Venezuela: At least 20 dead, situation could rapidly spiral
UN human rights chief Michelle Bachelet warned on Friday that the situation in Venezuela could “rapidly spiral out of control”, amid ongoing deadly violence and uncertainty linked to Wednesday’s declaration by Juan Guaidó that he had become the country’s interim president.
At the same time, the UN refugee agency (UNCHR) warned of “mounting tension” in the troubled country as some 5,000 people a day continue to leave, a “significant number” of them in “dire” need of protection.
Speaking to journalists in Geneva on behalf of the High Commissioner for Human Rights, Spokesperson Rupert Colville said: “We have received information from credible local sources that at least 20 people have died after allegedly being shot by security forces or by members of pro-government groups during demonstrations on Tuesday and Wednesday with many other reported injured by bullets, buckshot and rubber bullets.”
Well over 350 people have also been detained in the recent protests, including 320 on 23 January alone, said the UN rights office, while staff have also reported raids on property in some of the poorest areas of Caracas where at least 180 protests have taken place this week.
We have received information from credible local sources that at least 20 people have died after allegedly being shot by security forces or by members of pro-government groups - OHCHR's Rupert Colville
He added: “The High Commissioner is extremely concerned, and I quote, ‘that the situation in Venezuela may rapidly spiral out of control with catastrophic consequences.’”
In her statement, Ms Bachelet insisted that it was vital to prevent a repetition of repression against protesters of the Government of President Nicolás Maduro, who was officially sworn back into office, just two weeks ago.
Grave rights abuses documented by OHCHR in 2017 included extrajudicial killings, widespread arbitrary detentions, restrictions to freedom of assembly and expression and indiscriminate house raids and attacks.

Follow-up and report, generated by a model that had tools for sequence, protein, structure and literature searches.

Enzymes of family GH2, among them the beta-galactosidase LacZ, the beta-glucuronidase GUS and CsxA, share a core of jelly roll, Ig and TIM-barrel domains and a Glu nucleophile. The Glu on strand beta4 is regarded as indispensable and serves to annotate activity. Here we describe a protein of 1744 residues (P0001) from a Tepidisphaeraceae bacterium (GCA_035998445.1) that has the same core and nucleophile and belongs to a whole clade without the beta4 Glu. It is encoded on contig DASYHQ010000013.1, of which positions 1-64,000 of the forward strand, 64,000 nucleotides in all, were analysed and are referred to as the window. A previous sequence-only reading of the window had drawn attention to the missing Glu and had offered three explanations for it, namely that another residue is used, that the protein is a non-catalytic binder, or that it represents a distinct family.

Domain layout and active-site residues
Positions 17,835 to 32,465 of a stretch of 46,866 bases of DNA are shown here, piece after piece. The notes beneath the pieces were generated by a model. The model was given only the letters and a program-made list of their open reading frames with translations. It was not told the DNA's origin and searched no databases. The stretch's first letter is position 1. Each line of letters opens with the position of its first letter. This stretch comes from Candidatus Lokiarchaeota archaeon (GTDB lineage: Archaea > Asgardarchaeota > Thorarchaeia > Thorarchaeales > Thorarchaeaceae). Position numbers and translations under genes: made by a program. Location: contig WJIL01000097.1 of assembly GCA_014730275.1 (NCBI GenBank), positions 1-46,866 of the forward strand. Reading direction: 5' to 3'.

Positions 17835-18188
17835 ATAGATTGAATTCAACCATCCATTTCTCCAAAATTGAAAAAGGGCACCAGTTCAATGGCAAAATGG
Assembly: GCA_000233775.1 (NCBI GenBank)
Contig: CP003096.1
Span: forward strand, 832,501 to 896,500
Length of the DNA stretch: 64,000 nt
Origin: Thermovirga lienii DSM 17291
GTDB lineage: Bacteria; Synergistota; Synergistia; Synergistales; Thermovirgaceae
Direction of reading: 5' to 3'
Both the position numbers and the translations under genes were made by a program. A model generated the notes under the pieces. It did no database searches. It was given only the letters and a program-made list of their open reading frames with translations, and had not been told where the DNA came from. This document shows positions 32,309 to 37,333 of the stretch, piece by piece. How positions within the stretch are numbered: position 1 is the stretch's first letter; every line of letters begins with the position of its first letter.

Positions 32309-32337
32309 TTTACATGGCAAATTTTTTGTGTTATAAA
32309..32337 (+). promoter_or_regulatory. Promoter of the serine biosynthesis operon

Mr Colville noted the High Commissioner’s appeal to the Venezuelan authorities to exercise restraint, especially the security forces.
They should also respect everyone’s fundamental right to peaceful assembly and freedom of expression, he continued, adding that the UN rights chief wished to remind them that the “excessive, disproportionate or indiscriminate use of force is clearly and unequivocally prohibited under international law”.
Echoing comments by UN chief António Guterres on Thursday that everything must be done to avoid the kind of conflict “that would be a total disaster for Venezuela, for the Venezuelan people and for the region”, Ms. Bachelet urged the country’s political leaders to begin “immediate” talks to defuse the situation and find a practical long-term solution to the country’s entrenched social, political and economic crisis.
“She says it’s vital the authorities refrain from closing any remaining avenue of dialogue by prosecuting political and social leaders including members of the National Assembly,” Mr Colville said, in reference to the opposition-controlled chamber, which is led by Juan Guaidó, whose declaration assuming the interim-presidency has also sparked a diplomatic crisis, with some countries in the region, including the US, backing him, while others, including Russia and Cuba, have defended President Maduro.
Exodus of 5,000 each day continues: UNHCR
At the Venezuelan border, meanwhile, UNHCR said that thousands of people continue to leave the country, amid the ongoing economic and security crisis. More than three million have done so in recent years.
“The population movement so far has remained constant since last year, and that is some 5,000 Venezuelans leaving their country every day on average,” Spokesperson Liz Throssell said.
She confirmed that UNHCR staff were also monitoring the situation at “key” border areas. “We are providing assistance to those in need, those who may be crossing the borders,” Ms Throssell explained. “With the mounting tension that we have seen between Venezuela and its neighbours, UNHCR has reinforced its presence along these borders; we are monitoring populations movement and we have been also preparing for any potential change in the number of refugees and migrants leaving Venezuela.”
Commenting on the situation of those travelling outside Venezuela to neighbouring countries, the UNHCR spokesperson noted that “we have seen a significant number in dire need of international refugee protection and humanitarian assistance.